At first glance, the headquarters of the Young Mizo Association looks like a motorcycle-service centre – a solitary room on a platform and several two-wheelers underneath. But as one enters the main gates and turns right, an inconspicuous flight of stairs leads to a basement floor where the top office bearers of the organisation sit. There are six such flights of stairs leading to as many levels, none of them visible from the street outside.
The building is not designed to conceal. In fact, the construction style is fairly common in hilly Aizawl. Yet, the building could be a metaphor for the Young Mizo Association itself. On the surface, the outfit comes across as just another one of the many pressure groups that thrive in the North East. In reality, the power of this non-governmental organisation is unparalleled. It draws its strength not from its top leadership but its 4,27,323 members, ordinary Mizos who, for the most part, remain invisible but invariably come to the fore when the occasion demands.
The Young Mizo Association’s unmatched influence in Mizoram was most recently visible on November 6, when nearly 50,000 people poured on to the streets of Aizawl, forcing the Election Commission of India to shunt one of its officials. They were angry that the official had recommended the transfer of a Mizo bureaucrat out of the state. The official had claimed that the bureaucrat was interfering in the electoral process of the state. At the heart of the dispute was the question of voting rights for several thousand Bru refugees who fled ethnic violence in Mizoram and settled in camps in neighbouring Tripura. Mizoram goes to polls on November 28.
On paper, the demonstration was led by a coalition of several Mizo civil society groups, but it was the Young Mizo Association that drove it. Two of the senior-most leaders of the coalition hold the two top posts in the Association.
Observers outside the state may have been baffled by the power of the protests, which compelled even the Election Commission to bow to popular demand. But not many outside Mizoram understand the extraordinary influence that the Young Mizo Association wields over the state’s social and political life. It is ostensibly a voluntary group, but membership is a rite of passage for the large majority of young Mizos. It strenuously describes itself as a non-political organisation but there is a silent consensus that a party can come to power in Mizoram only with the blessings of the Young Mizo Association.
‘Under the YMA we are one’
Unlike many of the other powerful pressure groups in the North East, the Young Mizo Association, contrary to its name, is not a students’ outfit at all. According to an official brochure of the group published in 2010, “the word young is descriptive of the Mizos as a community”. Any Mizo over the age of 14 is eligible to be part of the Young Mizo Association. “There is no upper age limit,” the document reiterates. “A person can remain a member of the YMA as long as he wishes, regardless of his age.”
The Young Mizo Association is all pervasive in the state. Every veng – as Mizo neighbourhoods are called – has a branch. Currently, there are 804 such units. Most eligible Mizos join the local veng unit as soon as they turn 14. A significant chunk renew their membership every year by paying Rs 5 – about 40% of Mizoram’s population are members.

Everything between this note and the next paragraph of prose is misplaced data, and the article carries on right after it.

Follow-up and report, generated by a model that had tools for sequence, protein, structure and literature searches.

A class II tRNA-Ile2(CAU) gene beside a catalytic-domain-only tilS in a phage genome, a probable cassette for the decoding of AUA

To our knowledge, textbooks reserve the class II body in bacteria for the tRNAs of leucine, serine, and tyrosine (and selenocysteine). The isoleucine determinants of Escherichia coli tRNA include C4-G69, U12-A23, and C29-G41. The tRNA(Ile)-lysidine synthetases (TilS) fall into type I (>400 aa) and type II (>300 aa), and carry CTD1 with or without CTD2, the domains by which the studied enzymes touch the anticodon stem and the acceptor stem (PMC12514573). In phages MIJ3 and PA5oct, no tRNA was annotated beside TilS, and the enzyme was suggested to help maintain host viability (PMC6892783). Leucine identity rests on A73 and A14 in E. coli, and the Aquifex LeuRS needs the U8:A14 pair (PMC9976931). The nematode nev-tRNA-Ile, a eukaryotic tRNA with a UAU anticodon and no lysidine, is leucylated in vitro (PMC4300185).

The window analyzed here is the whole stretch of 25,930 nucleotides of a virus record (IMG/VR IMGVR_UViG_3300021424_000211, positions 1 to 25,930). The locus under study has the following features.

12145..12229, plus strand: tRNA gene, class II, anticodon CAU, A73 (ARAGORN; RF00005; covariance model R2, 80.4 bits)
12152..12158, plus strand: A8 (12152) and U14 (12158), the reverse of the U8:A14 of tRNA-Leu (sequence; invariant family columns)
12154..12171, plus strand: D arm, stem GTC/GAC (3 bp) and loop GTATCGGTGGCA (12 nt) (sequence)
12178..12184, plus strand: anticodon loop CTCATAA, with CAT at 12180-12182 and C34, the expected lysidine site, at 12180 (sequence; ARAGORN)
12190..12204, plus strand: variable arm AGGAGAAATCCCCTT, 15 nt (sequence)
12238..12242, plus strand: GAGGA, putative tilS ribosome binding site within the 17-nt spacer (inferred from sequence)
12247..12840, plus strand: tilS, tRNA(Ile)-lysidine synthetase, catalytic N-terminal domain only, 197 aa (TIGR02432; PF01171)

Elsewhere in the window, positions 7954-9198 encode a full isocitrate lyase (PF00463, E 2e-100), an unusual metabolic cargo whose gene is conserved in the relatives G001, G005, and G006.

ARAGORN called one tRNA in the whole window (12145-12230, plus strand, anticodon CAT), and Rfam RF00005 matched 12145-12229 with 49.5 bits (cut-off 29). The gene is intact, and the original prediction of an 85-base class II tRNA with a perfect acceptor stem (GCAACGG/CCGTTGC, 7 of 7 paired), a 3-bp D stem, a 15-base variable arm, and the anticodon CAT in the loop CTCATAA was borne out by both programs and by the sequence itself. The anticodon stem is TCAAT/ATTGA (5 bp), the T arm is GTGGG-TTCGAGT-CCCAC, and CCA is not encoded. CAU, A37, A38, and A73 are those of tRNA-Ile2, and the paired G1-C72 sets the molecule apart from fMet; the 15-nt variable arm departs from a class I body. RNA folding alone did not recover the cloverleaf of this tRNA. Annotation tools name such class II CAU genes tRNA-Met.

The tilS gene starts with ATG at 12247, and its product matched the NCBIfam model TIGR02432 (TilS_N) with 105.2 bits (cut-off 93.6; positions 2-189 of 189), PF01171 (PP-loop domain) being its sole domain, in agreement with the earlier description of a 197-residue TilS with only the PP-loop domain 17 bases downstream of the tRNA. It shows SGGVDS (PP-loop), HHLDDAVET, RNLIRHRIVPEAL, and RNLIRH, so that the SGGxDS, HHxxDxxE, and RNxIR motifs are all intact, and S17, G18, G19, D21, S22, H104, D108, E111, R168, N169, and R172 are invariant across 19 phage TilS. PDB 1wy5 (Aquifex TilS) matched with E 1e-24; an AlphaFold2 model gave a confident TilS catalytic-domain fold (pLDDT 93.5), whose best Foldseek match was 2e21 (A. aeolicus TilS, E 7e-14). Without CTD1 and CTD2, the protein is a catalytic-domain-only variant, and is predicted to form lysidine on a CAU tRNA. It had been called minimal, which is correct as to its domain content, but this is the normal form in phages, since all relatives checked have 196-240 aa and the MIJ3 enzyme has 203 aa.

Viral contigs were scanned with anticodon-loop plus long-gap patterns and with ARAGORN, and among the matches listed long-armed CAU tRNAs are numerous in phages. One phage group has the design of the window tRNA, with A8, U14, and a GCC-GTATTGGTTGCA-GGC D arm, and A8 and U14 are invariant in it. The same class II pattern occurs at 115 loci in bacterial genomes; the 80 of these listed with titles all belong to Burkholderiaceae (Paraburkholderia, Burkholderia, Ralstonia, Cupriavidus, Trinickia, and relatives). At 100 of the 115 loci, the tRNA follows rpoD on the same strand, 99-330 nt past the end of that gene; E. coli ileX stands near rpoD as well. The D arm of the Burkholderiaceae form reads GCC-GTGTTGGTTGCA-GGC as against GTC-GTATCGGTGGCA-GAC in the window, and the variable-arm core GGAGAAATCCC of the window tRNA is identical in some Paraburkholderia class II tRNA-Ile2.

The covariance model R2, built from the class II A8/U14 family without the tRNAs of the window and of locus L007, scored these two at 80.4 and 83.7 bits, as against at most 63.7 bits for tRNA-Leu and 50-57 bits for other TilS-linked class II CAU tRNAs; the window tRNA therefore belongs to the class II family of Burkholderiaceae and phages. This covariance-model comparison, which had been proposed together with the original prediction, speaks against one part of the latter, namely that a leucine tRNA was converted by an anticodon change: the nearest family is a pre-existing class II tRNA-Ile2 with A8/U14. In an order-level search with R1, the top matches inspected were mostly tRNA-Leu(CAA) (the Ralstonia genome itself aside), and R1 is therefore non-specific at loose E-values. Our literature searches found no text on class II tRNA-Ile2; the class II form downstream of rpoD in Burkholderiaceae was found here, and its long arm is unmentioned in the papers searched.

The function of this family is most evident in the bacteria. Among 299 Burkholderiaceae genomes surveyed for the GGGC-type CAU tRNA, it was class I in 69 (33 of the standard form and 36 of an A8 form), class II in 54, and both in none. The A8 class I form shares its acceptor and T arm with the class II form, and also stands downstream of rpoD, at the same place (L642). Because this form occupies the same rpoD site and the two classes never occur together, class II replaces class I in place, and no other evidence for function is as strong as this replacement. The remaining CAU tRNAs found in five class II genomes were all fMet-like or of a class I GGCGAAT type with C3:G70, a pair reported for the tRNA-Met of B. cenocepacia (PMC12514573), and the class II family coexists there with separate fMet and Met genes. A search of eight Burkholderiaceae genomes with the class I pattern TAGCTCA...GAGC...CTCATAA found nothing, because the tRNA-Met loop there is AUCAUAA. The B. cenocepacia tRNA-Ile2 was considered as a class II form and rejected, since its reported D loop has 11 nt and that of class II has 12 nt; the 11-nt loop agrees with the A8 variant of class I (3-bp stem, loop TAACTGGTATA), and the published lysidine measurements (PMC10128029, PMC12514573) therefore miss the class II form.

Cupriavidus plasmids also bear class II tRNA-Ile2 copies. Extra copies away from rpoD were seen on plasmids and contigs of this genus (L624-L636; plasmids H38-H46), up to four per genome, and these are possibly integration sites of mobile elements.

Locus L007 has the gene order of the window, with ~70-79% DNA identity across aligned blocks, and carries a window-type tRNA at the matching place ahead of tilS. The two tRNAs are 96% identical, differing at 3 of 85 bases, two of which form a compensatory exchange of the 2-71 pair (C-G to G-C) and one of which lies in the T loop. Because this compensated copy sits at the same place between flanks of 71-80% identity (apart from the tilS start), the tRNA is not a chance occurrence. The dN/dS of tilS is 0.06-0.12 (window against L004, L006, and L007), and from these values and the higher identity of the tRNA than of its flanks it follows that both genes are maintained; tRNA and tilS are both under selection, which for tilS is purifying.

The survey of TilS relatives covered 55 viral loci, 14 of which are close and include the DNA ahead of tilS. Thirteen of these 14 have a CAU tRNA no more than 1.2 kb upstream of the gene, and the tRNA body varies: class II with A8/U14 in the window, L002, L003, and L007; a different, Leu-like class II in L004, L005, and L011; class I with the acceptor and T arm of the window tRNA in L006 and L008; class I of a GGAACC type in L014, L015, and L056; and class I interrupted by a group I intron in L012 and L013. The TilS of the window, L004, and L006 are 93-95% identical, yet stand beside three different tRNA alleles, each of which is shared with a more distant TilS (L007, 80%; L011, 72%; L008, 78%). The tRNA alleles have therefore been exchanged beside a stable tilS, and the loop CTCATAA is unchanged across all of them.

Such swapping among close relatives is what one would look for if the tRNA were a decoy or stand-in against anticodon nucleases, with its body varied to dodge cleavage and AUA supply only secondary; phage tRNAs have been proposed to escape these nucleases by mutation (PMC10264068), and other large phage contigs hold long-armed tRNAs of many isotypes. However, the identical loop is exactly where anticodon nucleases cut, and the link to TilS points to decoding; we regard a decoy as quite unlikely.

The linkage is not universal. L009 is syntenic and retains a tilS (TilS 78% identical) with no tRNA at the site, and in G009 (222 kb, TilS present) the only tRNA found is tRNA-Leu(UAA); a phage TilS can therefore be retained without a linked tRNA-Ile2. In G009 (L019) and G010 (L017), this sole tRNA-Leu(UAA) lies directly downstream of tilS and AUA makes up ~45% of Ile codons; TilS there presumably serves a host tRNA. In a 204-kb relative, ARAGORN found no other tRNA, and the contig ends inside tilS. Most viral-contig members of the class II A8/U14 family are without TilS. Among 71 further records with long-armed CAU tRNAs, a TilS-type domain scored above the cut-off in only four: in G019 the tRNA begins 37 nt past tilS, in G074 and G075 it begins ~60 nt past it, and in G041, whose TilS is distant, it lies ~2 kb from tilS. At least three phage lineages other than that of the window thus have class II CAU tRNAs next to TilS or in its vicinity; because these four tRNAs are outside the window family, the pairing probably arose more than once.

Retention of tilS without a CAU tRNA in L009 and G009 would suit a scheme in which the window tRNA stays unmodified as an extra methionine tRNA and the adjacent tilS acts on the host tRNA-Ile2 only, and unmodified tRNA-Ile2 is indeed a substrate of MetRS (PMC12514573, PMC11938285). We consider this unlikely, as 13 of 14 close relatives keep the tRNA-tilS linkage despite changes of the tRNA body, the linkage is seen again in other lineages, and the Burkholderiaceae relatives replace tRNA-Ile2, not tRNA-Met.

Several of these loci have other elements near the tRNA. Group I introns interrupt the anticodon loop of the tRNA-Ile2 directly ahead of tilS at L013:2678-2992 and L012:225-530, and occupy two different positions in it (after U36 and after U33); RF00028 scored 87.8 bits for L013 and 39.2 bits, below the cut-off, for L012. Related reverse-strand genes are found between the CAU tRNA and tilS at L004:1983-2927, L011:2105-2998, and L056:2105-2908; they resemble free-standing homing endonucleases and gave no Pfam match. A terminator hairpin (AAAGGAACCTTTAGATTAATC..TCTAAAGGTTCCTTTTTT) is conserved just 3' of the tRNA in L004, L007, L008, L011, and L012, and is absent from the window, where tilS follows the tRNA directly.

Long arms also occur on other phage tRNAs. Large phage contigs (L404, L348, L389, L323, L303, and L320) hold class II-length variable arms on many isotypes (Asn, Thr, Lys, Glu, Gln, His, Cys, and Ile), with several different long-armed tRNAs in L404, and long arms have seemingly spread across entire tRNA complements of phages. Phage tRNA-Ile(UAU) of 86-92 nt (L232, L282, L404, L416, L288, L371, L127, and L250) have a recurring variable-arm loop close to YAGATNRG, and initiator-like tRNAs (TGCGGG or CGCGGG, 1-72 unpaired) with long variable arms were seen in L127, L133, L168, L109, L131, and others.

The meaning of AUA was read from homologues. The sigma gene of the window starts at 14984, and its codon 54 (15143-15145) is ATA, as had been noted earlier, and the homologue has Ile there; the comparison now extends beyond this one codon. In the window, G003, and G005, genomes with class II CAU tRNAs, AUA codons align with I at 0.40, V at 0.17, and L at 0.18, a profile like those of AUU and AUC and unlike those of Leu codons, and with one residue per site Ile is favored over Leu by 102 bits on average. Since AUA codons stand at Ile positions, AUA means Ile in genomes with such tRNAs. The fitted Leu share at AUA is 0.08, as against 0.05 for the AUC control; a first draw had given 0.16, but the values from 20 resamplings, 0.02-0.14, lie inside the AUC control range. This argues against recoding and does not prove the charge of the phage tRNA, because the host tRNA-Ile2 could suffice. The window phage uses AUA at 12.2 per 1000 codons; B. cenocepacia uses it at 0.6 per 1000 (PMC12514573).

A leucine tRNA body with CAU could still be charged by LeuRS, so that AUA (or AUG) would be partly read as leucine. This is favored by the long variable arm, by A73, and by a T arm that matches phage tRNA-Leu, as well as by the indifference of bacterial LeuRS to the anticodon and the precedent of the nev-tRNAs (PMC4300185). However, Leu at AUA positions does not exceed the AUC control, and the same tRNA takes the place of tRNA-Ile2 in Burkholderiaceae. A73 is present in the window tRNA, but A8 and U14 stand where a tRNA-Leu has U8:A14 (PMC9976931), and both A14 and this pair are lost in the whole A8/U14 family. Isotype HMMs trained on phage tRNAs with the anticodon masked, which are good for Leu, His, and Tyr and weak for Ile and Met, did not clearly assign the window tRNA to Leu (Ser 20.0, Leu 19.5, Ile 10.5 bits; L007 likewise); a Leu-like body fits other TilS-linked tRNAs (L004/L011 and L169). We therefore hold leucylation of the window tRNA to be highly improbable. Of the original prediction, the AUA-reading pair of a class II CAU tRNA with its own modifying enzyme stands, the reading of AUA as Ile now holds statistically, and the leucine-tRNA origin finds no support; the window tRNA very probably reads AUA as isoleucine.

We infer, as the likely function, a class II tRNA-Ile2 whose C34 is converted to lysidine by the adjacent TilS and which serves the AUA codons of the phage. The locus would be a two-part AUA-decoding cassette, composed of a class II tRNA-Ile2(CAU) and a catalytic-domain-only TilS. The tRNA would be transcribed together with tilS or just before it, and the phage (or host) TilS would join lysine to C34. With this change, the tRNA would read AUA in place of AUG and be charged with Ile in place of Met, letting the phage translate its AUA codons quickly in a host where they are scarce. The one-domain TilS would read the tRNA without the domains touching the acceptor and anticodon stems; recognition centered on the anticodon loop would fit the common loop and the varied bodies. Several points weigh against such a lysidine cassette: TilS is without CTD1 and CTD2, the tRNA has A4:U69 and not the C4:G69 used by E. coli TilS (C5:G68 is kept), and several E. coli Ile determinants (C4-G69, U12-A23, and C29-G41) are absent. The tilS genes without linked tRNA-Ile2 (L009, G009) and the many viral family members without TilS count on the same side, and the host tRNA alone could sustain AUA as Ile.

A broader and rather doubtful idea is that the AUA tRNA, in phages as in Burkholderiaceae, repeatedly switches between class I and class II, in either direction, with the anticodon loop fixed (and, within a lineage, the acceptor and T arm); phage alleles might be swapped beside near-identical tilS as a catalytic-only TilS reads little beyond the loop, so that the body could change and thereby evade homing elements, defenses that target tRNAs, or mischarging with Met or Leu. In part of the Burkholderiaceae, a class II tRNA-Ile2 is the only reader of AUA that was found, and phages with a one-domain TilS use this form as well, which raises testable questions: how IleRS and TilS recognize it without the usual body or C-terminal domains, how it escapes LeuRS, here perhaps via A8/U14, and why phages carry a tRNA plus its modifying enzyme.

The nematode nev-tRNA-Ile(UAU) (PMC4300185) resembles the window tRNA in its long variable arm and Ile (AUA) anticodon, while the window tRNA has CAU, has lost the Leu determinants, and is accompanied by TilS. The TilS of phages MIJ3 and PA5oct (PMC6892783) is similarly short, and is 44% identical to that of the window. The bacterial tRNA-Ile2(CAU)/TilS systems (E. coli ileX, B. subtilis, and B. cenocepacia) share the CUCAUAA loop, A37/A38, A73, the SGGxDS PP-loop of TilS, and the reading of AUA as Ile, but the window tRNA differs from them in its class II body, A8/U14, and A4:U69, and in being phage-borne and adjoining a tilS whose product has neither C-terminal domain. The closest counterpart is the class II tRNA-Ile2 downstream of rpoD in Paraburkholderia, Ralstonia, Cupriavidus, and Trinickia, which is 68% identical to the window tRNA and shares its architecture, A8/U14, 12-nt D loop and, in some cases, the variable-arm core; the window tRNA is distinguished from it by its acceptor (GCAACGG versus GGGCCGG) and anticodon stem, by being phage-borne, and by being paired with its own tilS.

The outfit is highly organised and has a very well-defined chain of command. The veng branches are organised into 47 group units, which fuse into five sub-headquarters. At the top of the hierarchy is the Central Young Mizo Association, an all boys’ club that has never seen a female member being elected, with its six elected office bearers.
But what is the Young Mizo Association, really? Founded by Christian missionaries in 1935, the group’s stated motive is simple enough: promote the Mizo way of life in line with Christian values. “We are a Mizo voluntary group,” explained Lalhmachhuana, the group’s current general secretary. “We are practising all the traditions as followed by the Mizos.”
Mizo traditions, at least since the mid-20th century, have been deeply embedded in Christianity, as Joy LK Pachuau notes in her book, Being Mizo: “Mizos are not Mizos only, but Mizo Kristian or Christian Mizos.” According to the 2011 census, almost 87% of the state’s population follow Christianity, the highest for any state after Nagaland.
The group has been accused of vigilantism and a puritanical stand on certain issues. Yet most educated modern young Mizos continue not just to be part of the Young Mizo Association, but also to be rather proud of the organisation. A young woman Mizo journalist said she took part in the Young Mizo Association’s activities and “supports its rulings” as “the YMA is an organisation that truly cares for people” unlike political parties. “Despite being Christians, Mizos are divided into many denominations, but under the YMA we are one,” she added.
Pachuau also puts down the Young Mizo Association’s popularity to a community’s deep-rooted urge towards unity. “One has to understand Mizo society and the way it is organised in order to understand the role that the YMA plays,” she said, speaking to Scroll.in.
The group’s influence is heightened when the state is unable to perform many of its functions. “People are close-knit and feel they need each other in order for society to function, especially in the context of a state that is weak. It is the YMA that is seen to bring people together, which aids society in areas where the state should normally intervene. Sometimes it is the YMA that constructs roads or houses of people in need, clears blocked roads, helps the poor, searches lost or missing people,” said Pachuau.
The central unit of the association has 17 sub-committees with mandates that range from disaster management to music and sports. Yet, by all accounts, the group’s burgeoning influence in Mizo public life comes from something more grim: death. “Whenever there is disaster in the community, the Young Mizo Association steps in,” said Lalhmachhuana. Indeed, members of the Young Mizo Association have always played a key role in assisting bereaved families during their mourning period. Apart from preparing caskets and digging graves, its volunteers often also give grieving families company for at least three days after a death.
“The YMA is the backbone of Mizo social life,” said Pachuau. “In times of organising death rites, society is usually dependent on the YMA as specialised services are not available. Their service at the time of crisis, Pachuau pointed out, gave the Young Mizo Association “a moral influence in society”.